Biotech start-up Protera Biosciences has announced the closure of its Series A financing round, led by European life sciences venture capital firm Sofinnova Partners.
Tech venture capital firm SOSV also contributed to the $5.5m investment, which aims to support the commercialisation of Protera’s protein portfolio.
At the same time, the Santiago-born biotech has revealed plans to relocate to Paris, after a three-year stint in San Francisco.
The decision to cross the Atlantic was strategic, Protera CEO Leonardo Álvarez told FoodNavigator, adding that there would also be a benefit in being geographically closer to Sofinnova, 'to maximize the support they can provide'.
Protera taps ‘protein design machine’
Protera designs and develops new proteins using ‘MADI’ – a proprietary deep learning platform that predicts protein functions. It does this by first predicting their 3D structure and then by inferring their function from the structure.
In an interview with FoodNavigator-LATAM last year, Álvarez described MADI as a ‘protein design engine’.
“Proteins are chains of amino acids that are bound together forming long strings, like a pearl collar, and this strings folds in particular 3D shapes.
“The shape determines its function and how efficient it is at performing it. The problem that getting to know that structure is challenging and requires expensive facilities to do X-ray crystallography and may take years.”
MADI uses protein data published within the last 40 years by scientists to predict the 3D shape and to function ‘incredibly fast’ and with ‘high accuracy’, the CEO explained. This capacity allows Protera to design new functional proteins that can ‘transform food ingredients’ by changing properties, such as texture, flavour, and shelf-life.
“We can analyse billions of protein combinations per day, a task [that would] take several months using alternative technologies. That speed is critical when you have a complex optimization problem to solve, like protein folding.”
The Protera portfolio
Protera’s portfolio supports a growing trend for natural, clean-label, and functional food ingredients.
One of the biotech’s first prototype products, Protera Sense, for example, is designed to improve texture in food without adding palm oil or trans-fatty acids.
But it is another protein, Protera Guard, that the company is currently prioritising. The clean-label protein is designed to extend food shelf-life and replace chemical preservatives.
“We throw away one-third of the food we produce every year worldwide, and one of the main reasons is microbial contamination,” explained Álvarez. This latest $5.5m investment will enable Protera to scale up Protera Guard, and ultimately provide people will food that lasts longer, he continued.
Indeed, the company is currently preparing to begin Protera Guard pilot trials with food manufacturers.
When asked why Protera was prioritising Protera Guard over other prototype products, the CEO explained the biotech prioritises products based on the interest it receives from clients, and how long it envisages it will take its team to move a product to market.
“We had originally intended to progress each of these applications in parallel, including new emulsifying and antioxidant proteins; however, the pandemic has impacted our schedule.”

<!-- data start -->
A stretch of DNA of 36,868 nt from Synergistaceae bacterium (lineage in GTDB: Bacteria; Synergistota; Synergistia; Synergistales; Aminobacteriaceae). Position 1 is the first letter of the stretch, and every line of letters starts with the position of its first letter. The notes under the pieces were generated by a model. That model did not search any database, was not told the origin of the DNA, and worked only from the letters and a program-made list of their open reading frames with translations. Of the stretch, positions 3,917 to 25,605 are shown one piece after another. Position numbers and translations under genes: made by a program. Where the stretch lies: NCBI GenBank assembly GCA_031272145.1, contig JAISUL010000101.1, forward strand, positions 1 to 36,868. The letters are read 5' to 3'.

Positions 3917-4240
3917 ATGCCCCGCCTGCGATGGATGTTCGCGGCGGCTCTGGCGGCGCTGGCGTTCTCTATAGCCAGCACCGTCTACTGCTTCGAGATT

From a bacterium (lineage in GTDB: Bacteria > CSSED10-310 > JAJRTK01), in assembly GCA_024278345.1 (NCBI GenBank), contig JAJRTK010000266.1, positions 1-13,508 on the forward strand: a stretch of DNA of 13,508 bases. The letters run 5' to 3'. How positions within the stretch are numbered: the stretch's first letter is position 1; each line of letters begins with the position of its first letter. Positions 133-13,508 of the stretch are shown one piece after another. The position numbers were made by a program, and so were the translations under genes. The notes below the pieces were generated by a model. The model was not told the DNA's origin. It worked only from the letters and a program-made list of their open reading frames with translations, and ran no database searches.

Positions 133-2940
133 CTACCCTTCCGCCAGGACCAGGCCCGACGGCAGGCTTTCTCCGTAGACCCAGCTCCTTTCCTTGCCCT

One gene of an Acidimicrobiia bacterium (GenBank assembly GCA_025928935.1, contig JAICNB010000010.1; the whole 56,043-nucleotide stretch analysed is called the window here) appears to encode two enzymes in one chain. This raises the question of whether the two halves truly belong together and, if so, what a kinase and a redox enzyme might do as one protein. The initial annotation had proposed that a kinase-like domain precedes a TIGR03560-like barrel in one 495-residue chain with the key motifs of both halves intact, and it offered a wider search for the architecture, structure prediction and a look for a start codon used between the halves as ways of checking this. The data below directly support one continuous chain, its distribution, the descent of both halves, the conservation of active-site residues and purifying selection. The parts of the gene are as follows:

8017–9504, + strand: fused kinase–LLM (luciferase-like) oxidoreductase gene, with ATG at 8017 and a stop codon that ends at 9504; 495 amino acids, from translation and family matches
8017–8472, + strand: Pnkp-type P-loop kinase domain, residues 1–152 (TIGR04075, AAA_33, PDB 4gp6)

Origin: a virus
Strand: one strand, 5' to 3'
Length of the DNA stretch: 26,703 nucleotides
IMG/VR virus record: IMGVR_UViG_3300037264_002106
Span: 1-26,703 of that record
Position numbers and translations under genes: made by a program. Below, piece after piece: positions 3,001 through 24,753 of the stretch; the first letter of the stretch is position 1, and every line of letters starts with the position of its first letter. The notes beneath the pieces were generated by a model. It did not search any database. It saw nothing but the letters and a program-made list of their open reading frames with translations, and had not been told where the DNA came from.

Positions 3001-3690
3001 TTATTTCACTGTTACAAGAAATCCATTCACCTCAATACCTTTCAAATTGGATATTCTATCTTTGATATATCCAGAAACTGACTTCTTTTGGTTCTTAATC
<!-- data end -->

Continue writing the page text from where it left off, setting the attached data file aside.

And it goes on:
The reasons behind Protera’s decision to relocate to France were at least two-fold: the CEO believes it will help the company scale, while benefiting from the capital’s start-up ecosystem.
“Europe is well known for its vast expertise in and facilities for producing enzymes and proteins at industrial scale. The world's largest enzyme producers are actually based in Europe. Having immediate access to this equipment and local industrial knowledge is critical for our next strategic focus – scaling up our production.
“Another contributing factor is the tremendous government effort to incentivize start-ups in France. It’s fantastic to be a part of this growing ecosystem in Paris,” he told this publication.
Concerning its geographical commercialisation strategy, however, the biotech is kicking off the regulatory process outside of the European Union.
“We are starting our regulatory processes in the US and Latin America,” the CEO explained. “The GRAS process is an important component for us because this aligns with our vision of complete consumer transparency regarding how we produce our products and what they contain.”
FDA timelines are becoming a bit slower as more companies decide to take the GRAS path, he continued. “Today, it can take anywhere from 12 to 24 months to get a final answer from the FDA. In Latin America, the situation is similar but it varies from country to country. Depending on the product, it could take between 4 to 18 months.”
Both markets have a growing interest in new functional and clean-label ingredients, which is attractive to Protera. Further, in terms of their regulatory landscapes, Protera has already observed products – which have a similar manufacturing approach to Protera – in these regions exceed. “Having a clear regulatory path helps us to de-risk our go-to-market strategy,” we were told.
At this stage, Álvarez was unable to provide an accurate commercialisation timeline for its Protera Guard product, due to ‘uncertainty still remaining around the pandemic-related lockdown and travel restrictions’.
“However, we have already started working with clients, and are forging ahead to scale up the production of Protera Guard. We anticipate launching the product in the second half of next year.”